The fate of the Conservative party merges with tragedies of ancient Greece

Backbench Conservatives are frustrated and unhappy – again

Britain's Prime Minister Rishi Sunak at a press conference in London, on December 5. AFP
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The writings of ancient Greek dramatists and philosophers more than two millennia ago can often sum up just about every predicament facing the modern world. The phrase which comes to mind when surveying the bizarre landscape of British politics this Christmas is very glum. It is: “Those whom the gods wish to destroy, first they make mad.”

For the ancient Greeks the phrase was applied to individuals, but right now it sums up an even more peculiar political drama at the heart of the British Conservative party.

Some of them seem determined to unseat yet another of their own tribe, the Conservative Prime Minister Rishi Sunak. That’s because his action on migration has failed, at least so far. Instead there have been increasingly desperate attempts to deport asylum seekers who turn up in small boats on British beaches.

The Sunak plan involves sending them to the African country of Rwanda, and it has been rejected by British courts as unlawful. Even so, the failed plan has cost British taxpayers tens of millions of pounds, without a single successful deportation of anyone to Rwanda. The joke at Westminster is that more British government ministers have been flown to the Rwandan capital Kigali than deported migrants, but the undermining of yet another Conservative prime minister by his own MPs is not a joke.

It could lead to a leadership challenge early in 2024, an election year. The current turmoil therefore could mean Britain having its sixth Conservative prime minister since the Brexit vote of 2016.

But before we get to the issues of the collective chaos in the party that has been in power at Westminster for the past 13 years, we need to understand a little of the complex migration issue. The decision of the UK to leave the EU was partly motivated by some voters resenting the free movement of European workers into Britain. Many were seasonal labourers. Some picked apples in Kent or cabbages in Norfolk, or they filled jobs in social care that were unattractive to British workers. Or they were skilled workers and students who came to the UK for a taste of British life. But when Brexit happened, many EU workers and students found the bureaucracy involved in coming to the UK difficult to negotiate.

The Sunak government created a powerful issue by claiming they would somehow “Stop The Boats.” They haven’t

The demand from employers to fill skill shortages and job vacancies did not change, however. Instead of EU workers, the vacancies have subsequently often been filled by a massive influx of non-European workers, including tens of thousands from India and west Africa.

Legal net migration figures have hit record highs of around 700,000. Voters who resent migration have continued to be resentful at this political failure. Cue shock and horror in British newspapers and Westminster.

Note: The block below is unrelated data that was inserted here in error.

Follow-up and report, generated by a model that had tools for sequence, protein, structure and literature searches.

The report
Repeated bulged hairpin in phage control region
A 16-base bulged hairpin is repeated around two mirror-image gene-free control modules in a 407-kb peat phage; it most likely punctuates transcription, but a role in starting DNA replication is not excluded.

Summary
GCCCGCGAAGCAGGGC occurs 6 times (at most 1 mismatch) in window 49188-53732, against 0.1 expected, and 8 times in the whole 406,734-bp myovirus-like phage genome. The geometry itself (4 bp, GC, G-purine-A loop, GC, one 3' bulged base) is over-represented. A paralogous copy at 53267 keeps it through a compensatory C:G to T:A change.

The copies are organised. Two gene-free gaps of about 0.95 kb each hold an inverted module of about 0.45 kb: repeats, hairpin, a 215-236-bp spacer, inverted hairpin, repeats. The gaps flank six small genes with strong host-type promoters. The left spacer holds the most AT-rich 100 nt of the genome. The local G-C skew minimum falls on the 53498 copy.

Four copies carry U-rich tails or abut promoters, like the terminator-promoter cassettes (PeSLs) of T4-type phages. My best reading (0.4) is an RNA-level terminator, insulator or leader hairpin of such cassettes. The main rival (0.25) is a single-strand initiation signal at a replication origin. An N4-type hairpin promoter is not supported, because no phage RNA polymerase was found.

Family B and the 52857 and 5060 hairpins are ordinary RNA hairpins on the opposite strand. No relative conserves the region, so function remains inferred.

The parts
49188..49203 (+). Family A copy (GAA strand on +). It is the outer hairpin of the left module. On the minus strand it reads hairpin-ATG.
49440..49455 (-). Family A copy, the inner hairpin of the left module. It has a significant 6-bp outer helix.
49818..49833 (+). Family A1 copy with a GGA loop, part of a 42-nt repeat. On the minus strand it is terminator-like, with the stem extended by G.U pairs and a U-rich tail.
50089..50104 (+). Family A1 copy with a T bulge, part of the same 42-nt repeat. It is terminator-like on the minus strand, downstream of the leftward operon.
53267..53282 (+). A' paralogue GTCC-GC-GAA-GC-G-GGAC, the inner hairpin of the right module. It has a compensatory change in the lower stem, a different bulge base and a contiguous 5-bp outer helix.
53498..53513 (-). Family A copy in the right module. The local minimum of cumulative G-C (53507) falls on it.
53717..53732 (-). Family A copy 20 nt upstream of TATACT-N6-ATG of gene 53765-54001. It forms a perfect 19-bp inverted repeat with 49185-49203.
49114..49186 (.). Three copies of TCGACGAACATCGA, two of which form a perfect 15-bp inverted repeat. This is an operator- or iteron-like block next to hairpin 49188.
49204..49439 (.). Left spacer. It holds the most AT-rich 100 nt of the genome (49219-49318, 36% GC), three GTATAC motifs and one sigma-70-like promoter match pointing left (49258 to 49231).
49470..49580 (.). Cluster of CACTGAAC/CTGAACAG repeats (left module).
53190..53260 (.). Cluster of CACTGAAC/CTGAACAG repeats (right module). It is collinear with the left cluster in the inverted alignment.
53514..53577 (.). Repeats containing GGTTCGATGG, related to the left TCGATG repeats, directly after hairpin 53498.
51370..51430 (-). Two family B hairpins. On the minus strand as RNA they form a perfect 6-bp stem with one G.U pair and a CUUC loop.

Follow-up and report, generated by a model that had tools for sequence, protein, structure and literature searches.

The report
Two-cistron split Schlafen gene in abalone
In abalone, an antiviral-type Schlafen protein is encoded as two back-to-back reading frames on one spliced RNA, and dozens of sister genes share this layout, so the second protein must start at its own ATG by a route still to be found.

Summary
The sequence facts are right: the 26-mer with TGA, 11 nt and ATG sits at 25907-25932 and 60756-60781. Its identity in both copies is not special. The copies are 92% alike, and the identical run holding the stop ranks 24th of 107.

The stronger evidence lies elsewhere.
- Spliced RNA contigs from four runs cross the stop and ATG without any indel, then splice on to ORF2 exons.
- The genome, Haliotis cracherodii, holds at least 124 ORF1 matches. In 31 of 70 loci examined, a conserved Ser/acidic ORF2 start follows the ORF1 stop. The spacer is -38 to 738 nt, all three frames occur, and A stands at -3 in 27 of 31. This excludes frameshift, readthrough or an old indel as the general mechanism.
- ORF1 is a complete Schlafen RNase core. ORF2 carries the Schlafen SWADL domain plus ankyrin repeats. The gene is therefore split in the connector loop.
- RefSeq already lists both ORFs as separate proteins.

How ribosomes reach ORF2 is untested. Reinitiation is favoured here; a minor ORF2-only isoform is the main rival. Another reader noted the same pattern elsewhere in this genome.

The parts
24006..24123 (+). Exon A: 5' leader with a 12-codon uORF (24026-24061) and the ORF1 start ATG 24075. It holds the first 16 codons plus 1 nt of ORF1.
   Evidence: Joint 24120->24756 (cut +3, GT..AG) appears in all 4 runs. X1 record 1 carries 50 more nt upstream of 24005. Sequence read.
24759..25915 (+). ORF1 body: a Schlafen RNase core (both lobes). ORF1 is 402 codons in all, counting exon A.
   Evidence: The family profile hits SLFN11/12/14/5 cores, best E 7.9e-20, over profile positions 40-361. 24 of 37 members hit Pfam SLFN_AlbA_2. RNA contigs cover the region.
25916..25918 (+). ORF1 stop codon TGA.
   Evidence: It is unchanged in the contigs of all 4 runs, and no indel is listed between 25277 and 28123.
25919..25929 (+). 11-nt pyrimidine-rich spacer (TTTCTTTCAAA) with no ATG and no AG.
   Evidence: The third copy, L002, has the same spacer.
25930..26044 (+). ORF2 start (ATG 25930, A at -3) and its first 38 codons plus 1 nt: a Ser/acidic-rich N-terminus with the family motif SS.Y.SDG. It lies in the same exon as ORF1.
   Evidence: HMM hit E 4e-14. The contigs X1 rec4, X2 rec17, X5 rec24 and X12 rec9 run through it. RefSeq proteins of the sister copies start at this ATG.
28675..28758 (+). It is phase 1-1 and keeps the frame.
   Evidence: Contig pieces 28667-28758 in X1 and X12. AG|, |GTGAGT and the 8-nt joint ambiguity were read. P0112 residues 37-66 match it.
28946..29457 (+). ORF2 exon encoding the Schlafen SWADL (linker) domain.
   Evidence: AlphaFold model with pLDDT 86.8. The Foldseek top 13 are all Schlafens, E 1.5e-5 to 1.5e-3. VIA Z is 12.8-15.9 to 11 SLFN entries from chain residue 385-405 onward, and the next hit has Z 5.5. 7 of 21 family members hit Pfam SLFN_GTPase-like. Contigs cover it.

Instead of Brexit decreasing the number of migrants, it appears to have contributed to their increase. The political issue trumpeted so loudly by Conservative ministers and MPs, has clearly not been “solved” by Brexit or anything else. Government ministers have no one else to blame but themselves, although they have tried. They criticise British courts even though the role of judges and lawyers has largely been confined to a tiny part of this mess.

That role concerns the relatively small number of asylum seekers coming on those small boats from France.

Instead of placing this rather sad traffic by criminal gangs in its proper perspective, the Sunak government created a really powerful issue by claiming they would somehow “Stop The Boats.” They haven’t. The weather, always cold and with rough seas in December, has stopped some boats. But government policy – to send boat people to Rwanda – does not seem to have achieved much except in making headlines, making work for lawyers and the courts, and stoking resentment about an unsolved issue.

The courts have prevented deportations on the basis that Rwanda is not a safe country. It has – to be polite – historically a mixed record on human rights. Mr Sunak’s response has been to argue that the House of Commons should simply declare Rwanda to be safe. Even some prominent Conservatives have suggested that this is itself mad.

It's like the British parliament declaring that dogs are cats. But the chaos continues. A large section of the Conservative party appears to be considering whether or not to get rid of Mr Sunak and finding another suitable – or unsuitable, depending on your views – leader to take them into next year’s general election.

Rivals are jockeying for position. Backbench Conservatives are frustrated and unhappy. Again. They undermined Theresa May, then got rid of Boris Johnson. They selected Liz Truss as prime minister and she lasted seven weeks before they got rid of her too. Now it may be Rishi Sunak’s turn. To lose one prime minister is unfortunate. To lose two is careless. To lose five since 2016 would truly be madness, and a bizarre exercise in political blood letting worthy of the dramatic tragedies of the ancient Greeks.

Published: December 12, 2023, 7:00 AM